I remember hearing about Riverside when their first album was just coming out. I wasn't yet interested in progressive music, but there was enough buzz about them that they were always in the back of my mind. By the time they got around to finishing their trilogy and releasing “Anno Domini High Definition”, I was ready to see what all the fuss was about. Moving away from the sound that earned the accolades as the best prog rock band of the new millennium, “Anno Domini High Definition” was the sort of genre-straddling, modern meets vintage, album that showed Riverside was a band that could evolve without sacrificing who they were. There were still those fans who couldn't give up the more reserved sound of their first albums, and their fears were assuaged with an EP last year revisiting that identity. That leaves the question of which Riverside we're going to get with “Shrine Of New Generation Slaves”. Or, are we going to get an entirely new Riverside?
The quasi-title track answers this early in the proceedings, as after a lengthy build up of false starts and distorted vocals, the band kicks into gear with the same mix of metal heft and Deep Purple organs that made the previous effort special. The sounds are lush and inviting, and mask the fact that the song itself is merely a sketch of what should have been a better piece of work. It doesn't have a hook, nor does it build into anything grand. It's more of an introduction than a song, and is a questionable way to open the album.
“The Depth Of Self-Delusion” remedies this, weaving a staccato bass line, acoustic guitars, and a lingering melody into a beautifully somber piece of music. It's evocative, but missing the hint of a spark that could make it ignite into something undeniably great. As does first single “Celebrity Touch”, which marries some of Riverside's hardest rocking in the first half with some lush soundscapes in the second half, but without the necessary ribbon to tie them together into a neat little package.
“We Got Used To Us” sets a wonderful mood, using the sparse instrumentation to craft a beautiful basis for a song, one that would make a perfect bridge between harder-edged pieces. “Deprived (Irretrievably Lost Imagination)” is not that piece, but does an amazing thing of grafting progressive sensibilities atop a song that recalls Chris Isaak's “Wicked Game”, in a combination as odd to write as it is to hear. But I have to say, it not only works well, but may in fact be the highlight of the entire record.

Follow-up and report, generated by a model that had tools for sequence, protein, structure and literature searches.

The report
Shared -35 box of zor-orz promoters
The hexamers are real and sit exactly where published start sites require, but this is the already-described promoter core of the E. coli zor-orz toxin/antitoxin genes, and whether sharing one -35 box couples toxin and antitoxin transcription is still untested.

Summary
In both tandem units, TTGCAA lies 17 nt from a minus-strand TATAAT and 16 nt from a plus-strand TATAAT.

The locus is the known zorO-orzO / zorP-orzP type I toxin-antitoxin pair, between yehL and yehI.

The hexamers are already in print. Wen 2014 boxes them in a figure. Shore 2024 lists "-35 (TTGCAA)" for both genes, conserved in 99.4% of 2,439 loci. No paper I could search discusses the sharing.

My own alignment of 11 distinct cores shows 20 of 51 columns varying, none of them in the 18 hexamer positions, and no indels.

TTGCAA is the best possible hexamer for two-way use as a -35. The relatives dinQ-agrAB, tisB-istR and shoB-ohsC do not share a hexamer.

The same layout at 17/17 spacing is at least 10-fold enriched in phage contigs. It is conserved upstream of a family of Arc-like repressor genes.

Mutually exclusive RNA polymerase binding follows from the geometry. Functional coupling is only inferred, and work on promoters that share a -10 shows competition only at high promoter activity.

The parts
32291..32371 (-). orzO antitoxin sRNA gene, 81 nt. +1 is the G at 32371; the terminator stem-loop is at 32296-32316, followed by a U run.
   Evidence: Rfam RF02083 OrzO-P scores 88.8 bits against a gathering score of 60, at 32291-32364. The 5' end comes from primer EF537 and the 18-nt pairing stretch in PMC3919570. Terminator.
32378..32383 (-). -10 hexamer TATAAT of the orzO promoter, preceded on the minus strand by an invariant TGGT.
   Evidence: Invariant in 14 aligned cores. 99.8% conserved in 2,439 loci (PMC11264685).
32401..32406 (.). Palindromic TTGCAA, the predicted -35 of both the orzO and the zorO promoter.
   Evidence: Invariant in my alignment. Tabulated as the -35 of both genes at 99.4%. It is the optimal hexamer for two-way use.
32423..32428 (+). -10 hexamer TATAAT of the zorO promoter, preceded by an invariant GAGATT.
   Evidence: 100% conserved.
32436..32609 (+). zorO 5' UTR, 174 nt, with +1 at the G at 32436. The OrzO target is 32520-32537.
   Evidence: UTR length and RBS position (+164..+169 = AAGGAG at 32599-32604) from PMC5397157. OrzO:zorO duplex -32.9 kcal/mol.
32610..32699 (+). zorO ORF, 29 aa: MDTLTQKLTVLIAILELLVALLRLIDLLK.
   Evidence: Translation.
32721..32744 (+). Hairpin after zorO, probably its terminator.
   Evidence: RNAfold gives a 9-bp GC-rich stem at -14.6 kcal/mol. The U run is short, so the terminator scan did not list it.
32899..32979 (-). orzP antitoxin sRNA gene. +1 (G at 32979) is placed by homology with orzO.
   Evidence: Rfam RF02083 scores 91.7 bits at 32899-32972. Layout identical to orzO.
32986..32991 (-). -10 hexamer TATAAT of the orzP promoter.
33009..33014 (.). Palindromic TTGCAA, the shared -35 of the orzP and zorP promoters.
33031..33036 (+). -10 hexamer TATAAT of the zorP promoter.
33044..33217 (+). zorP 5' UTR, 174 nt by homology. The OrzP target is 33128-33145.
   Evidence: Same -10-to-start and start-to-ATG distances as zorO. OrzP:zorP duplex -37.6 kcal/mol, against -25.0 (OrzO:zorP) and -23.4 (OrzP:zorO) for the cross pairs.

There are a couple issues I must take with the album. First, there's the issue of the too clever for it's own good title, an acronym that doesn't bear out what Riverside intended it to. Instead of being a statement of substance over structure, a rallying cry for prog bands to focus on songs instead of their own playing, it's more a reminder of what's wrong with the music they offer. They are songs, yes, but they often lack the propulsion to catapult the riffs and textures they conjure into more fully-realized compositions. That has much to do with my other issue, the over-abundance of distorted vocals found throughout the album. When you have a singer with an emotive voice, burying him under processed distortion may make the album sound more modern, or more vintage, depending on what you're going for, but it robs the songs of their heart. The more distant the voice becomes from us, the harder it is to get into the songs and connect with their message.
None of this should be taken as a harsh criticism. Riverside is still an excellent band, and “Shrine Of New Generation Slaves” has a lot going for it. The band is still adept at setting moods with their music, and portions of the album are gorgeous. There's just something missing from these songs that I was looking for. Perhaps the band was so focused on proving they can write songs that the very inspiration that makes music great got lost along the way. Whatever the case may be, this is a good album, just not as good as I know Riverside can achieve.